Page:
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my first meds
Aug 7, 2004

Two years after first writing to you, it is beyond doubt time to start treatment. CD4 count 212, VL approx. 650,000. I actually have timed my vacation so I can start treatment and therefore not be missing work off sick if I have side effects. Are there any comments you can offer about my medication regiment? Is it well tolerated usually? I am in a state of terror, but my doctor (20 years hiv experience) basically said take these pills and they'll see me in three months and I am going to be doing well. I have been given the following (I have to write the names from the labels because surely these names come from a language from another planet). lopinavir 3 in the a.m. and 3 in the p.m. lumivudine, 1 in the a.m. and abacavir, 1 in the a.m. and 1 in the p.m.

Thank you for being there for us. Your site is precious not only to us patients but to my doctors as well.

Response from Dr. Young

Thanks for your post and kind words.

I'd agree with you that it's time to start on medications. You have a very high viral load and a CD4 count that is approaching the AIDS threshold.

While your apprehension about starting medications is understandable, please don't feel that there's need for terror. The regimen that you've been prescribed is a very, very potent and generally very well tolerated one. Indeed, the abacavir and lamivudine that you've been prescribed will be available later this month in a single coformulated pill called Epzicom. Not only will the pill count be lower, but you'll reduce your copayments by one too. The only important thing for you and your doctor to know about this regimen is the potential allergic reaction to abacavir (called abacavir hypersensitivity reaction, of HSR). This is usually characterized by fever with rash, sometimes with respiratory or gastrointestinal symptoms. Should you have these symptoms, the first thing to do is to call your doctor (but don't yet stop medications). We've got lots of patients on abacavir-containing treatments and have had terrific results, and for the minority of patients who have developed HSR, there are excellent alternative treatments.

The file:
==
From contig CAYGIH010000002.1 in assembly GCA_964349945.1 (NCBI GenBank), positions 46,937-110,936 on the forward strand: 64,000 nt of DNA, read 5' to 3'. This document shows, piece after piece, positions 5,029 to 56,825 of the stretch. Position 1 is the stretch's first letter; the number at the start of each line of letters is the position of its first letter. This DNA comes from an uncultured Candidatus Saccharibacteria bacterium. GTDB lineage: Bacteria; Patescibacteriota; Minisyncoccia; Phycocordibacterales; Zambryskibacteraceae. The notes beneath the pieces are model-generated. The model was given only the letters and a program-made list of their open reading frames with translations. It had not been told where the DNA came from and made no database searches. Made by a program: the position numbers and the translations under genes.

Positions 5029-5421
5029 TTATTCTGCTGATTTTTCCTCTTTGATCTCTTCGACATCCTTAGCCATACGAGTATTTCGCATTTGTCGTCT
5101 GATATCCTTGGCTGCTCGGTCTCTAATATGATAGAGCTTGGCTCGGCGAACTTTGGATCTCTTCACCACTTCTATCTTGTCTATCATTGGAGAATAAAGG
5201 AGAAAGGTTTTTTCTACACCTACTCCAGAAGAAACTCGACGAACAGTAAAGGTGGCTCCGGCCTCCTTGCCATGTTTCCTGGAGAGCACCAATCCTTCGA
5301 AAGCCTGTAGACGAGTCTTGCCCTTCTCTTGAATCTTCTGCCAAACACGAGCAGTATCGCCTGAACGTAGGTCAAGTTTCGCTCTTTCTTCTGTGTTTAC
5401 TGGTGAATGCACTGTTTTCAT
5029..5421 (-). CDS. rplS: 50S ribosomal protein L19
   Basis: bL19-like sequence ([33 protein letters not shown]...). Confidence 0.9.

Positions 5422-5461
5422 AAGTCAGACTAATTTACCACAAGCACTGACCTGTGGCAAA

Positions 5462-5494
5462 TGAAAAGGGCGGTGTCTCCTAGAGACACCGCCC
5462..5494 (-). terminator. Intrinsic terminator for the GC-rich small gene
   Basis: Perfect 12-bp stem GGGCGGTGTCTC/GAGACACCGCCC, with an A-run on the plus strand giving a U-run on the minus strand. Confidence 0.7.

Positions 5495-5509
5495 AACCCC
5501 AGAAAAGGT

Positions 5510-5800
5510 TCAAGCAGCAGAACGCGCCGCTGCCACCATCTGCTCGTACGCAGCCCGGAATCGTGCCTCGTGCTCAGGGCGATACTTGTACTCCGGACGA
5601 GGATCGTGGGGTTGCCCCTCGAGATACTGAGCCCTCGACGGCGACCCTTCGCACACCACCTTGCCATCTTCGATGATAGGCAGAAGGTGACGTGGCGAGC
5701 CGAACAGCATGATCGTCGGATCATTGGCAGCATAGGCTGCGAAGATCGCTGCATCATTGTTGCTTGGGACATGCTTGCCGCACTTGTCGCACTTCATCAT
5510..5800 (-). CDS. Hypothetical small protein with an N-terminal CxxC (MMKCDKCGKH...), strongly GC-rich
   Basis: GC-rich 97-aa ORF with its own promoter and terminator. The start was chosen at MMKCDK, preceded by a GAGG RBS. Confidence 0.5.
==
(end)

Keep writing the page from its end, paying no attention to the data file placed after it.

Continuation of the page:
The coformulated boosted protease inhibitor Kaletra is generally very well tolerated too, though can cause some gastrointestinal upset-- usually in the first week or so. Make sure that you take this with food-- this improves the tolerability of the medication. (Epzicom, or Ziagen and Epivir can be taken at the same time as Kaletra.)

If you should have problems with side effects, don't fret-- let your doctor know about your symptoms.

Properly selected, HIV medications often result in significant improvement in immune function within the 3 months that your doctor predicts; viral load should decrease at least 99.9% by that time-- even for persons with high viral loads, like you. (That said, I typically get monitoring labs within a month of starting, to make sure that all is going as hoped.)

I hope this is a useful starting point. Stay in touch, let us know how you're doing from time to time. BY

low cd4 count
urinary tract infection

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